Finding your muse on the top of a mountain.

We went camping this weekend. We packed up the tent, sleeping bags, food, and an oversized, overexcited dog into the car and drove for five hours to go sleep on the dirt.

Normally, I’d be psyched¬†about this, but several months back I hurt my back, and it has made any physical effort, or really any movement other than laying down, a real pain in the back (haha). I told myself that it’d be ok. I’d hold down the tent, go on shorter, shallow hikes, and write.

I pictured myself sitting next to the tent, notebook on my lap, wrapped in a blanket while our campfire warded off the chill and the bugs. ¬†I waived optimistically to my husband and fur-baby as they went off on a longer hike. I was sad that I wasn’t going to be burning mad calories like they were, but I’d be using up those creative juices. I knew I’d get a good chunk of my next chapter drafted out.

Instead, I got colder sooner than I thought I would because I didn’t have the blanket I’d imagined. The bugs were everywhere because we didn’t bring wood for a campfire, and I was finding the book I’d brought much more stimulating. Every time I did try to write I would get distracted by a noise, or I simply couldn’t make the creative juices flow. It was as if they’d frozen along with my toes.

Note: we were up by the Blue Ridge Parkway in North Carolina, and it got to low 60’s, which is freezing in my book.

I simply didn’t want to write. As romantic as writing while camping sounds, I really just wanted to be hiking, or fishing, or doing something than feeling like the good wife waiting for her husband to return home from his adventures.

I was frustrated. Beyond annoyed. I wanted to throw my notebook in the tent and ignore it. It was something wrong with me. I was sure of it.

But it wasn’t me.

I just didn’t have my

Now, some people think of a muse as a person or image that gives you that special gusto to write, but it doesn’t have to be either of those things. For me, my muse is a place, and a specific set of items that allow me to get comfortable when I write.

It used to be classical music. I would only play it while working, and it was almost like I was one of Pavlov’s dog salivating to the dinner bell. It signalled my brain that it was time to work. That it got to be too much. I’d focus too much on the music. So, out it went.

Now I work in complete silence except for the mild drone of the fish tank in the corner of the room.

I need something warm to drink. Honestly, I just need to be warm. I prefer a blanket around my legs even though it makes waddling to the kitchen rather awkward. I do highly prefer my swaddled legs to be accompanied by either tea or coffee to drink.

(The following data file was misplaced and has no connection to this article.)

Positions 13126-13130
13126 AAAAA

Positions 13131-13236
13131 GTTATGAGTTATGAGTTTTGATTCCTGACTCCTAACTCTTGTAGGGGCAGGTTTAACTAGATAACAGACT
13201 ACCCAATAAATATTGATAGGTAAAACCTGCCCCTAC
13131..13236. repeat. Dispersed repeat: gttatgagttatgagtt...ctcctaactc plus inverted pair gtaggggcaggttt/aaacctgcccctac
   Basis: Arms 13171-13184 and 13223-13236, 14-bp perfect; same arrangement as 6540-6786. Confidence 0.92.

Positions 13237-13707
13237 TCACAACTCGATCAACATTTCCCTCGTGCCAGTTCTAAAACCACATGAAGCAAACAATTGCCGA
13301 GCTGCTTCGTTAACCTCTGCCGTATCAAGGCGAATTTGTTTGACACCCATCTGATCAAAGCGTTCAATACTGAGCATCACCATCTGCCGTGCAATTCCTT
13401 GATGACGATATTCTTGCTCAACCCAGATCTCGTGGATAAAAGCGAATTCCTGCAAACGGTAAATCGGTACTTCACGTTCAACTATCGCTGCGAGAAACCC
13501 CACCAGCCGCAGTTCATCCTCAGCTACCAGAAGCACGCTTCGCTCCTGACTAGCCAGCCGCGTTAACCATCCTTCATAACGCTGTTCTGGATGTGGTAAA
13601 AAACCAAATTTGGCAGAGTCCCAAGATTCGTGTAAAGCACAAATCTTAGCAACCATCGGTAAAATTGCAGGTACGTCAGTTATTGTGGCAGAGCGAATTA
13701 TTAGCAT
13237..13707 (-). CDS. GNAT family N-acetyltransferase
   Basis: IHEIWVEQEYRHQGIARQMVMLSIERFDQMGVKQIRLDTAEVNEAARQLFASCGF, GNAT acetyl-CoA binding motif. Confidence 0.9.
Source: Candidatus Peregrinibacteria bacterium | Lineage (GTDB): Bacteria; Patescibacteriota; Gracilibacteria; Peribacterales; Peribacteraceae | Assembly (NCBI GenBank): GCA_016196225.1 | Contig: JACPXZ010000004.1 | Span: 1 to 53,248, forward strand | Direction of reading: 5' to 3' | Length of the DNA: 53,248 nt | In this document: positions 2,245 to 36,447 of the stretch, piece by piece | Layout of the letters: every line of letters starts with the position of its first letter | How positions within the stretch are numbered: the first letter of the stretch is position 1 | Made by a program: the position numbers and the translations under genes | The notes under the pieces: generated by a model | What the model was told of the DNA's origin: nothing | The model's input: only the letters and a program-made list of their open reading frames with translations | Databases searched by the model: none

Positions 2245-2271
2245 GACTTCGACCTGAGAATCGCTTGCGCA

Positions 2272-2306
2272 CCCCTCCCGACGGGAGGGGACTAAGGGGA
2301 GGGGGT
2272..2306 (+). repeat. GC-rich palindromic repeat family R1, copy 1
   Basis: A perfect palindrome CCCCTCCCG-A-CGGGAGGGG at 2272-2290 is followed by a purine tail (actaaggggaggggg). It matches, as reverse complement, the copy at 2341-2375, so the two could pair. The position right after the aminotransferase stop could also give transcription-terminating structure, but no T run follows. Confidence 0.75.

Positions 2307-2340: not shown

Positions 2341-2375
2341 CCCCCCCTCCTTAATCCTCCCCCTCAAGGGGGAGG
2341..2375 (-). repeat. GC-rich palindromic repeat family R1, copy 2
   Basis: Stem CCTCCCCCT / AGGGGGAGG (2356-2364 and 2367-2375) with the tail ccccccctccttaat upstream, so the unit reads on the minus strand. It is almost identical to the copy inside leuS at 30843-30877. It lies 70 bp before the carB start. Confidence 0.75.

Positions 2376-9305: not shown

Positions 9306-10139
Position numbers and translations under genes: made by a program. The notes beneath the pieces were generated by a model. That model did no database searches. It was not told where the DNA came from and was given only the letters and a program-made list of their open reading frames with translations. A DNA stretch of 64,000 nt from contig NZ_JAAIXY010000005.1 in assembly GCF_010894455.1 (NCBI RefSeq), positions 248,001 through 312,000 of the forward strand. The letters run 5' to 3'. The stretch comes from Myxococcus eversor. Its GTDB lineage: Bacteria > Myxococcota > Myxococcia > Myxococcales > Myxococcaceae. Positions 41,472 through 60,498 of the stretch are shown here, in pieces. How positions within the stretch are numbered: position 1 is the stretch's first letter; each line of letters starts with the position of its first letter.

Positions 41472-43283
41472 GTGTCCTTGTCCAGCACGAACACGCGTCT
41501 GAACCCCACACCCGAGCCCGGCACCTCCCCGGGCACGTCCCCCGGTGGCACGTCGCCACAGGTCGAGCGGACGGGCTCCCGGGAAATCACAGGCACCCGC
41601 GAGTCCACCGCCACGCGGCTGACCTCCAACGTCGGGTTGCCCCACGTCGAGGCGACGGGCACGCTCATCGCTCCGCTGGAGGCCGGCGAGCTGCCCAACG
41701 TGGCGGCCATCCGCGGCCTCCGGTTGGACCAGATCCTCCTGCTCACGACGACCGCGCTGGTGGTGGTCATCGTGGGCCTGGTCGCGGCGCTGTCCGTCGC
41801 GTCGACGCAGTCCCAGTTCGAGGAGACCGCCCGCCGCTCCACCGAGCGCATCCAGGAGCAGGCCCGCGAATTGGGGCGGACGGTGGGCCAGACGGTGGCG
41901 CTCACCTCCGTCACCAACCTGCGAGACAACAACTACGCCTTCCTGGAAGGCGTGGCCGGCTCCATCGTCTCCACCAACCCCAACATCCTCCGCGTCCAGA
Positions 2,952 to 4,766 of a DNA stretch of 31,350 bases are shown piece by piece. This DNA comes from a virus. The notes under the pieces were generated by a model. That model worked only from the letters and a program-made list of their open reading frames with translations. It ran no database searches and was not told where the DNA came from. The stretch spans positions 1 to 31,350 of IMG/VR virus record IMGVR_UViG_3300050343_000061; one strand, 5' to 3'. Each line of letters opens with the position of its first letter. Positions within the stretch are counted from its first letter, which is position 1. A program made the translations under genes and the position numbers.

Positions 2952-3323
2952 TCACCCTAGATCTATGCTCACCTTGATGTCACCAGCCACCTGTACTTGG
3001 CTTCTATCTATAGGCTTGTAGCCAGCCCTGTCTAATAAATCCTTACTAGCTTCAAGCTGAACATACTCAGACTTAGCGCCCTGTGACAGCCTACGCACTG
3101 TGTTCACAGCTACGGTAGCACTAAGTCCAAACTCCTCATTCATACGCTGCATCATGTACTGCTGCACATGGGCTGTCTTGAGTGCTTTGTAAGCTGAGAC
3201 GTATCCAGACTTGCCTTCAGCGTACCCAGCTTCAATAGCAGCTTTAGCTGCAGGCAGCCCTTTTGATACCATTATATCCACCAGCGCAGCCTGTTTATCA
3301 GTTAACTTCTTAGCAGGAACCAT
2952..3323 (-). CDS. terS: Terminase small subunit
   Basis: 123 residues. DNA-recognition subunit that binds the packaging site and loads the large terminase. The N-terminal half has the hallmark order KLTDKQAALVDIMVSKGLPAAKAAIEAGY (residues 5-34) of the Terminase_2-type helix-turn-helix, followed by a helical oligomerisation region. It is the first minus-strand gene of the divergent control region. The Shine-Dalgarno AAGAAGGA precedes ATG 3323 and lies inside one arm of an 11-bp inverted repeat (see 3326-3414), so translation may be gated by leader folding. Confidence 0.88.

I need these things. I need to feel in control of my surroundings, and when I was sitting in front of that tent trying to make my muse come to me it’s no wonder why it didn’t arrive.

I used to feel bad because when other friends were getting to write together I would always feel rude by saying I had to leave. It’s not that I didn’t want to write with them. It’s that I simply couldn’t. I couldn’t feel comfortable with other people shifting to get comfortable. Other people sipping their coffee. I’d love to be able to write in a group, but for me it just doesn’t work.

I used to make up excuses. I’d say I had somewhere else to be. I had a doctor’s appointment. I lied, and it stressed me out.

It stressed me out because I was being dishonest to my friends and to myself.

I need to be willing to say what conditions I can write it, and you should too. If for some reason something just isn’t working in your current setup, and you have the means to try and adjust it to help yourself, then I think you really should try.

If we can’t write because our muse isn’t showing up, then something needs to change. It’s as simple and as difficult as that.

I went camping with the intention of getting work done, but despite coming back with literally not a single word written, I did learn something about myself and my muse. Distractions and noise are killers for my creativity, so being surrounded by beautiful woods and chirping birds might encourage someone else to write the best work they’ve ever written, but for me it just made me miss my slippers and coffee.

My muse, if we want to humanize her, might be a bit of a hermit, but if I want to keep writing I’ve got to give her what she wants, and she is not up for camping.



Side note: I was trying to find a picture to contrast the happy camping picture at the top of this post, so I searched for “solitude” on several free photo websites. They ALL show someone standing at the top of a mountain, breathing in the fresh air, and looking rejuvenated. That sound? That’s the sound of my muse laughing at me. She’s also apparently sarcastic as heck.

2 thoughts on “Finding your muse on the top of a mountain.

  1. It’s always the way, when you go somewhere intending to write, it just doesn’t happen! But I’m sure the writing was working its magic under the surface ready to be let go at some point.

    1. I agree! I think my frustration helped because I’ve been writing a lot think week! Thanks for the comment!

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